This User's Guide provides an introduction to DAC Statistics, a section on where to find the information you are looking for, a description of the datasets, and an example on how to run a query.
DAC statistics are primarily designed to measure donor effort. The following note describes the OECD DAC’s methodology for calculating imputed multilateral flows, that is imputing aid by multilateral bodies back to the funders of these bodies so that total donor outflows that can be assigned to an individual recipient.
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This booklet celebrates 50 years of the OECD’s statistics on aid and other flows to developing countries. Compiled under the guidance of the OECD’s Development Assistance Committee (DAC), these statistics are the basis of practically all international comparisons of aid volume. They are relied on by governments, NGOs, the media, researchers and students as a key source of information on the volume and quality of aid.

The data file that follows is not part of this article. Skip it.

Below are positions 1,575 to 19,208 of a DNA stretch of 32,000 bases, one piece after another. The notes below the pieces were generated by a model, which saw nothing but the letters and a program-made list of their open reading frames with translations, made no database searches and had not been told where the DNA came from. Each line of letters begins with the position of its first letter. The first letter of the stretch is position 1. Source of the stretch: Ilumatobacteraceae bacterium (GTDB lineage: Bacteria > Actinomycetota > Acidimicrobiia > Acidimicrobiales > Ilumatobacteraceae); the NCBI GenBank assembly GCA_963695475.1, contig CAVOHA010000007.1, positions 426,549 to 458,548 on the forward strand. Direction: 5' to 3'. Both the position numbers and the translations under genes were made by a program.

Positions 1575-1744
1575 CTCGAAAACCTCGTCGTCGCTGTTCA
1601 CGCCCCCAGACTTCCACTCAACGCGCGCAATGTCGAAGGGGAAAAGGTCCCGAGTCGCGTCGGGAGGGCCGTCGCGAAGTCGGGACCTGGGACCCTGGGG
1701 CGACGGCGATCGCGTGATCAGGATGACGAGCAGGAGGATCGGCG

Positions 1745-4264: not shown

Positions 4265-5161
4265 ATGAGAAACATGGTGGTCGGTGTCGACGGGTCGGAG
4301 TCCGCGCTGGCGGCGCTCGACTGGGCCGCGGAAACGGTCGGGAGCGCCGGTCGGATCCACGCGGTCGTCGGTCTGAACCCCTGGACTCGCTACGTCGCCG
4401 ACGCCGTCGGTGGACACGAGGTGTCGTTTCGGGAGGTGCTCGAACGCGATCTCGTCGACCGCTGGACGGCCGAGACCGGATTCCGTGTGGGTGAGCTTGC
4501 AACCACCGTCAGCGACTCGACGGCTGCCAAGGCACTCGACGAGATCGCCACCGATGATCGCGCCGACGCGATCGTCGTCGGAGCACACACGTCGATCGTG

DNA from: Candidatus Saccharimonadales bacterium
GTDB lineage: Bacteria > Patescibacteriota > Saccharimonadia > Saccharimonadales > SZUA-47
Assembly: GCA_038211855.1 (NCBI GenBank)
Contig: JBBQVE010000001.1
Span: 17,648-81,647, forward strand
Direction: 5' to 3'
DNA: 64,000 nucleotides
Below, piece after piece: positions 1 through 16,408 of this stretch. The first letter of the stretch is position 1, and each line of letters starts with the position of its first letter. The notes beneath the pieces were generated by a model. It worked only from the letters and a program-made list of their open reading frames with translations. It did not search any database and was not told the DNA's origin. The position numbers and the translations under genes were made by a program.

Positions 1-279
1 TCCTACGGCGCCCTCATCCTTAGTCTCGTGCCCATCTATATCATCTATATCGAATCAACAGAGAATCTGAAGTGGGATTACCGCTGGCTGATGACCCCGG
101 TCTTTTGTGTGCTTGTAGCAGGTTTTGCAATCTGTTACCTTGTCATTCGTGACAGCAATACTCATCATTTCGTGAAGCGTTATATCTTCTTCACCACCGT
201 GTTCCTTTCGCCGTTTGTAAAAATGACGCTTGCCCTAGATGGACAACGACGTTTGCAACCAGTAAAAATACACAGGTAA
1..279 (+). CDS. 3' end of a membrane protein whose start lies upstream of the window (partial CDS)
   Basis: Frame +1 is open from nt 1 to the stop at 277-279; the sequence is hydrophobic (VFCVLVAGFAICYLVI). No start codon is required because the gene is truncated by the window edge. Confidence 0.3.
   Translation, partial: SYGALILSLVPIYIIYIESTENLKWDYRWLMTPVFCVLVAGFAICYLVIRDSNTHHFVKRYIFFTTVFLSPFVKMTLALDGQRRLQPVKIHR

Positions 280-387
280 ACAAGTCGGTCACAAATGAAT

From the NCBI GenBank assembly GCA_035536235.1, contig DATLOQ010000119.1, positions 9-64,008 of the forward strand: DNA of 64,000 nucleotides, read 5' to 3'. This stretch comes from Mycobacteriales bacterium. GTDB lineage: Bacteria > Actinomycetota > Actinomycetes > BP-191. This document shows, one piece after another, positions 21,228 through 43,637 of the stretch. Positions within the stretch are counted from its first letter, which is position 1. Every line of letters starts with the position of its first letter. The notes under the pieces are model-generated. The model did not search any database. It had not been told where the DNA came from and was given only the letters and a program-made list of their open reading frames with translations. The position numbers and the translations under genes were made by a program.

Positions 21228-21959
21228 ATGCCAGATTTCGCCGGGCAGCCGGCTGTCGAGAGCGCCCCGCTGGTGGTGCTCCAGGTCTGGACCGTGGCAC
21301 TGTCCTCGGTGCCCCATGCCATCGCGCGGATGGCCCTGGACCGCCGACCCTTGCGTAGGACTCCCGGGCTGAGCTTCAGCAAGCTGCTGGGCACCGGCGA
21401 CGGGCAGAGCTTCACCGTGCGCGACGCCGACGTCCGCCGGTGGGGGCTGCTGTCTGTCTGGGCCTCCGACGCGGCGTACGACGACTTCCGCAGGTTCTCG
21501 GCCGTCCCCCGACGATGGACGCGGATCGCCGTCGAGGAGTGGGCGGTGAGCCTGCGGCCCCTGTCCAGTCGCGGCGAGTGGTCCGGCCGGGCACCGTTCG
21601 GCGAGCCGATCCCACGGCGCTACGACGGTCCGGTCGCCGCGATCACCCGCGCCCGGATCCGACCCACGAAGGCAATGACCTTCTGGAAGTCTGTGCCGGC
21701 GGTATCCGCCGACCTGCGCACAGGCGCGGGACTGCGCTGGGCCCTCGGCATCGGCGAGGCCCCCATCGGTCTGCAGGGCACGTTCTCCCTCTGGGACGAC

The DAC has measured resource flows to developing countries since 1961. Special attention has been given to the official and concessional part of this flow, defined as “official development assistance” (ODA). The DAC first defined ODA in 1969, and tightened the definition in 1972. ODA is the key measure used in practically all aid targets and assessments of aid performance.
The Guide aims to provide a conceptual framework for all Peer Reviews, providing priority questions for each of the standard sections of the review, as well as a framework for general or theme-specific learning across several reviews.
This note gives guidance on the process for preparing Development Assistance Committee (DAC) Peer Reviews. It is for the use of all parties involved in the review - the reviewed member, the examiners and the DAC Secretariat.
Links to the training package to accompany the training sessions organised by the OECD Climate Change Task Team.
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Principles for Evaluation Development Assistance - 1991